Responsible Research and Innovation

‘Responsible Research and Innovation’ covers many of the topics that have always been at the core of CCSR. It provides the theoretical underpinning, as well as looking at how responsibility can, and should, be brought into the process of bringing ICTs into practical use.

This thematic area therefore aims to:

  • Explore the ethical theories and philosophy surrounding ICT use, research and innovation
  • Develop indications of morally appropriate/virtuous behaviour related to ICT use in a variety of spheres
  • Explore issues around the way ICTs are used, where appropriate in conjunction with consideration of other phases of the life-cycle
  • Engage in broader discourses with users, industry, policy makers and other stakeholders about the way they procure, use and dispose of ICTs
  • Identify where current and near-future behaviour falls short of the morally appropriate, or where it does not reflect virtuous dispositions
  • Identify ways in which these gaps could be addressed, by suggesting ways of improving the ways ICTs are used, procured and disposed of

The term “Responsible Research and Innovation” puts a lot of focus on the individual who is (or isn’t) responsible, their motivation, how their behaviour might be changed and the pressures on them to behave in ways that are not morally ideal.

CCSR has a strong track record of working on Responsible Research and Innovation. From the outset it has been centrally concerned with professionalism, with involvement in the development of professional codes (and awareness of the limitations of them). The research on eVoting which has since expanded into a theme that includes eGovernment would, at the time, have been classified as being within this strand, for good reason.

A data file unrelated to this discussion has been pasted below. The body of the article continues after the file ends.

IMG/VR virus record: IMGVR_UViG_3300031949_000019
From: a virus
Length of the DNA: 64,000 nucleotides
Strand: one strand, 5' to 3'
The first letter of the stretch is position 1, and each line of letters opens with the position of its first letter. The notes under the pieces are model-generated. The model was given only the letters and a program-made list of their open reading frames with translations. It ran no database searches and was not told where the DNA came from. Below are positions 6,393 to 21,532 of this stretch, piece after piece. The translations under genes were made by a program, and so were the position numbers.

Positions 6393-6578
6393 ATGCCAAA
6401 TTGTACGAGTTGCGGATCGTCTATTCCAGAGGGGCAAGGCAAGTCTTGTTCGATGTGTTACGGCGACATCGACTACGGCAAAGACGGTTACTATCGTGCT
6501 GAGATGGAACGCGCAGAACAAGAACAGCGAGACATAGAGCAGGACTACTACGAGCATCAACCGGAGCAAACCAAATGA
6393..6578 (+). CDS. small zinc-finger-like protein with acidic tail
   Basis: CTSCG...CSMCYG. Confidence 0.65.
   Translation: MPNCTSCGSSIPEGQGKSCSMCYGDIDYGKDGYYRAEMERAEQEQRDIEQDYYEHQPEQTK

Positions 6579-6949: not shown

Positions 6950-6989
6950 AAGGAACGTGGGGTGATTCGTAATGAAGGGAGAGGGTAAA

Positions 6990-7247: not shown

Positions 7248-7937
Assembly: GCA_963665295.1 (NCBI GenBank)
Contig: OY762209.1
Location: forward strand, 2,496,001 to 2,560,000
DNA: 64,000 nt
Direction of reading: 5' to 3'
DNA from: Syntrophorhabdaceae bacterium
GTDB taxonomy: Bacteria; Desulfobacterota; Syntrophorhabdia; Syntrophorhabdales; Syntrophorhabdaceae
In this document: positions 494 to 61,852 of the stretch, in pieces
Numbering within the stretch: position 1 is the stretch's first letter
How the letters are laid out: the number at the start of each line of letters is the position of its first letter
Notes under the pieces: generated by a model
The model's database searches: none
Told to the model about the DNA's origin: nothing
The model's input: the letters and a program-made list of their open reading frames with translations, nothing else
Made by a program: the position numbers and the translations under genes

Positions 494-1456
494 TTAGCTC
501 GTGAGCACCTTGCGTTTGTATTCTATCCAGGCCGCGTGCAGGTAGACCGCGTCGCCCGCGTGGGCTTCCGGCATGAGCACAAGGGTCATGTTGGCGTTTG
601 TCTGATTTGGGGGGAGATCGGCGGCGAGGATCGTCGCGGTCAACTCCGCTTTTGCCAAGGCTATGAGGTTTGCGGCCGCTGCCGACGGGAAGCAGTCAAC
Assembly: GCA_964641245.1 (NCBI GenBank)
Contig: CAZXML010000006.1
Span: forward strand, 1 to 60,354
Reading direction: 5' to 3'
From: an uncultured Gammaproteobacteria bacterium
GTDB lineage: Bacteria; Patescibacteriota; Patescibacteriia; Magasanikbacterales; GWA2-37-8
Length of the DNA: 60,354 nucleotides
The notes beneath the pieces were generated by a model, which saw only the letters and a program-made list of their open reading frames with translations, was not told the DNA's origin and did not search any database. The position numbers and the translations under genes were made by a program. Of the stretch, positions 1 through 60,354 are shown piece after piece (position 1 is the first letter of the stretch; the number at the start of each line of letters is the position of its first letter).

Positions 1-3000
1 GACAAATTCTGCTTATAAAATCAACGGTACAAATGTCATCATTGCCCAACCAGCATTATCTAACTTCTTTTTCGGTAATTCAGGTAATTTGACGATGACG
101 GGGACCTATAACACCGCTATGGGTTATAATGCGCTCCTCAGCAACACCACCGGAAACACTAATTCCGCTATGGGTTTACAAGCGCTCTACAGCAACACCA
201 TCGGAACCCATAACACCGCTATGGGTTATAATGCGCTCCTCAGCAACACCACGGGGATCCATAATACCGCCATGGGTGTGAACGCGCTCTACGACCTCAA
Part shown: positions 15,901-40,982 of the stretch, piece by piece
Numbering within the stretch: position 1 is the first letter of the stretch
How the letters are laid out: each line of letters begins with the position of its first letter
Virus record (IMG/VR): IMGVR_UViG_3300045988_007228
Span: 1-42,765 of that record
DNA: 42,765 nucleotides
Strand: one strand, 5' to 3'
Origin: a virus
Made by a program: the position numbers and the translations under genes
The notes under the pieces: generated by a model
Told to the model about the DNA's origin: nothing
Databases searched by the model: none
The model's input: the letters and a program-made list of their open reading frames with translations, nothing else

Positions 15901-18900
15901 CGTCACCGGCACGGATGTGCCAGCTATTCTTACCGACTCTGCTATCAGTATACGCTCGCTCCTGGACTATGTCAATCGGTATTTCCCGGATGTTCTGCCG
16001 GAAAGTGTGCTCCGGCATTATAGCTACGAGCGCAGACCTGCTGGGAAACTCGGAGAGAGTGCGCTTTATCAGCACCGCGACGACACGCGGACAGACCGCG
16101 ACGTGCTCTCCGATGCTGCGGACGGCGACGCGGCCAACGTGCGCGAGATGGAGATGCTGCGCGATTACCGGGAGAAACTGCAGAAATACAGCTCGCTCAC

This thematic area concentrates on ICT artefacts and application areas that either have been developed or are very close to application. As such, there is a grey area between this area and the ‘Emerging Technologies’ thematic area (and presumably as technologies come towards widespread application they become less relevant to that thematic area and more relevant to this). Other thematic areas can also be expected to cover topics that could equally be covered in the Responsible Research and Innovation thematic area. There will thus need to be awareness and cooperation to avoid duplication of effort and ‘treading on toes’.

Indicative Examples

  • Professionalism in ICT professions
  • Green ICT
  • Virtue Theory in Computer Ethics

Approaches to Responsible Research and Innovation

Ethical Theory:

  • Virtue Ethics
  • Consequentialism
  • Deontoligism
  • Applying contingent yet consistent results of diverse ethical theories to practical circumstances (theoretical viewpoints and in practice)
  • Global Ethics

Ethics Education:

  • Ethics in the curriculum
  • Professionalism
  • Professional Codes

Green IT:

  • Individual behaviour
  • Corporate behaviour
  • Systems influences

Activities of the Thematic Area

The thematic area could, perhaps, meet on a fortnightly basis to develop a more detailed plan and then implement it. Initial guiding questions could be:

  • What research questions are worth pursuing?
  • How can the research be supported? (e.g. funded project, PhD student work)
  • Which outcomes would we envisage (academic publications, engagement with professional bodies, public engagement, policy advice,…)?
  • How can these be realised?
  • Where does CCSR have the resources to intervene in relevant debates?
  • Is it appropriate for any future CCSR involvement in the running of ETHICOMP to be associated with this thematic area?




  • Brent Mittelstadt


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